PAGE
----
10 Common Withdrawal Symptoms when you stop smoking

If you’ve been following our series on quitting smoking {insert link(s) here}. Given that the first few weeks are usually described by ex-smokers as the toughest, smokers ought to put away their pride and seek assistance in order to kick the habit for good. Withdrawal symptoms can often begin as early as a few hours after the last cigarette, peak for about one week and gradually fade away after 2 weeks. Here is an overview of the physical and mental withdrawal symptoms:

Physical Symptoms: If you’ve experienced one of more of the following symptoms, do try to take it easy and understand that your body is adjusting due to a lack of tobacco;

  • Intestinal disorders (cramps, nausea)
  • Symptoms of the cold (sore throats, coughing as your lungs clear out the nicotine)
  • Tingling in the hands and feet
  • Headaches
  • Excess sweating
Headaches are very common during the withdrawal process. Hang in there

Mental & Emotional Symptoms: Most, if not all heavy smokers have experienced at least one of the following emotional and mental withdrawal symptoms listed below:

  • Difficulty sleeping
  • Significant craving for tobacco
  • Irritability
  • Anxiety
  • Feelings of anger & depression
stress ball
Follow our tips so that you stay in a good frame during the withdrawal process

It usually takes a few months for an individual to feel comfortable and be able to describe themselves as being ‘smoke free’. A recurring issue is that nicotine (a chemical found in tobacco products) is highly addictive, which is why those who are trying to quit need the urge to have ‘just one puff’ in order to satisfy their cravings. Now, if the body has developed a need for nicotine, and then stops entirely (because you’ve quit smoking) – your body undergoes these particular symptoms highlighted above.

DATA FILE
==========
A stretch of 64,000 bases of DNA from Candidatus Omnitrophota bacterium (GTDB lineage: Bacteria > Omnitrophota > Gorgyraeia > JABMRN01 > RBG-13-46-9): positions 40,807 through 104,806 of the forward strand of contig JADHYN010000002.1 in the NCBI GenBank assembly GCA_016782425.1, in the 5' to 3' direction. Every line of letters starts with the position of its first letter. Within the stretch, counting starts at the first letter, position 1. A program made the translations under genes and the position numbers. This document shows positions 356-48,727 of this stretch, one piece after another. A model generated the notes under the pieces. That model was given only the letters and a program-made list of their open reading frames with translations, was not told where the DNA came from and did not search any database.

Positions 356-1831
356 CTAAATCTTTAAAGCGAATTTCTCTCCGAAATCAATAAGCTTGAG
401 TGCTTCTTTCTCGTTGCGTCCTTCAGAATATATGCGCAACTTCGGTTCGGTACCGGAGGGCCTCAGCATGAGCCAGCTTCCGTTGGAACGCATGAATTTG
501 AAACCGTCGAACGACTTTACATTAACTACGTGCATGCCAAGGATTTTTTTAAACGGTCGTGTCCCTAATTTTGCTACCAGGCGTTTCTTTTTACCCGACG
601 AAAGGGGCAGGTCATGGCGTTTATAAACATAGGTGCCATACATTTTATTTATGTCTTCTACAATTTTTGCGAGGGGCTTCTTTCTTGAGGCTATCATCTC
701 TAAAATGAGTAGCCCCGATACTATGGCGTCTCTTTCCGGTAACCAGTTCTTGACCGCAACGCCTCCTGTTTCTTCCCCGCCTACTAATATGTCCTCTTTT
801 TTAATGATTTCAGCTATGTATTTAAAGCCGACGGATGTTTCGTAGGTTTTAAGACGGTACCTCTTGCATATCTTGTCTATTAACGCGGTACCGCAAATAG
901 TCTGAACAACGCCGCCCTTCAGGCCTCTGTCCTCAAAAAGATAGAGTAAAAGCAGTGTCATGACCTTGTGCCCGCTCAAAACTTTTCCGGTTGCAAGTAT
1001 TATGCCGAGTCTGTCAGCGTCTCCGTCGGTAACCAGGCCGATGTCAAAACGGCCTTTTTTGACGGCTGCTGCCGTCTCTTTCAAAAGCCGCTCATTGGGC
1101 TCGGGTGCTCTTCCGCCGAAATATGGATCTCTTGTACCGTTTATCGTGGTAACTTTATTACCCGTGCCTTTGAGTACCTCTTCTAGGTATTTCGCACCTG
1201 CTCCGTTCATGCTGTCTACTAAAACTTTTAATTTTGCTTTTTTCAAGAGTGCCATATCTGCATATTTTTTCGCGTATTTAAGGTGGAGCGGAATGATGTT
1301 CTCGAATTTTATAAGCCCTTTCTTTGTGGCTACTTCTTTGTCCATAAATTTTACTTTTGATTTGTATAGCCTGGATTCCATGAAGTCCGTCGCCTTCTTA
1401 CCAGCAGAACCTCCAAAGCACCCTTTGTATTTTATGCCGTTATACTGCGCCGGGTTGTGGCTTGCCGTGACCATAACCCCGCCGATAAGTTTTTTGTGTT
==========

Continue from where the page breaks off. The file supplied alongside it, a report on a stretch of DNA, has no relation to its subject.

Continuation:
I know the symptoms, now what?

Be mindful and take appropriate action. Arguably focus on eating healthy and exercise (link to how to start exercising), as well as taking time out to de-clutter your mind with activities such as yoga (link to yoga article). Most of all, do make it a point to build a good support network- stay with a trusted group of family and friends who help you stay grounded and inspired. If you prefer doing it online=try 7cups of tea (http://www.7cupsoftea.com/) or call Sumithrayo on 011 2692909. If you’re feeling brave, you can do a little volunteering and give back to the community, as there are a lot of opportunities available in Sri Lanka.

Activities such as yoga can help you to declutter your mind

If you enjoyed this article, subscribe for more and leave a comment if you can relate to this. We wish you the best on your road to recovery! HNBA logo new

Disclaimer: The views shared in this blog are based on the macro economic conditions & industry status quo as per the time of publishing.

Tips to quit smoking: Part I

You have probably heard that smoking is bad for you. Quitting is widely recognized in being hugely beneficial for your health. If you are reading this, you are probably looking to get serious and stop smoking, but realize its easier said than done. We have written some ideas to help you quit smoking for good. Give them a try!